Thanks for the vote of confidence…
As to your comment about finicky amatuers…I may have to take you to task on that. As well, I’m a finicky professional…as there is a point where you cannot make a silk purse out of a sows ear. All instruments are different, but there is a point where problems with a new instrument are just unacceptable and hamper it being called a musical instrument at all.
If an instrument will not keep its tuning for more than 3 pages of music, is so riddled with buzzes and twangs and dead patches that you cannot play it in public, and if the upper register will not speak at all, and you just get an odd slapping sound…and if discs consistently go loose (I had one where 6 went in one performance and I just could not continue). I suppose what I’m talking about here is an instrument with bad structural and mechanical problems that was only semi functional – and well beyond the norm.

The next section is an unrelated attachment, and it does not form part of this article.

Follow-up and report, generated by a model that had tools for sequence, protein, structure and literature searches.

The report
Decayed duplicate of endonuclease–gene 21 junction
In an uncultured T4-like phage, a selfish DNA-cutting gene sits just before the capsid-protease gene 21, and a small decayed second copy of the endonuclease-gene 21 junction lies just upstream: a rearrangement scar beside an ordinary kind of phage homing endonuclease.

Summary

But what I would like to point out is that I (and I think I’m a professional) did not initially know what was wrong with it..I just knew something was up. And in defense of amateurs, I think they (like me) just do not know what is wrong, but they can tell something is a miss. And if the companies that they had bought from took the time to talk to them about their concerns, well they would not remain confused.
There do seem to be alot of factory produced instruments coming out with “stuff” wrong with them from the outset as well, and I think this makes people paranoid. Which is understandable when you consider the financial outlay on a harp.
Companies just need to take the time to talk to players about it, in my opinion anyway.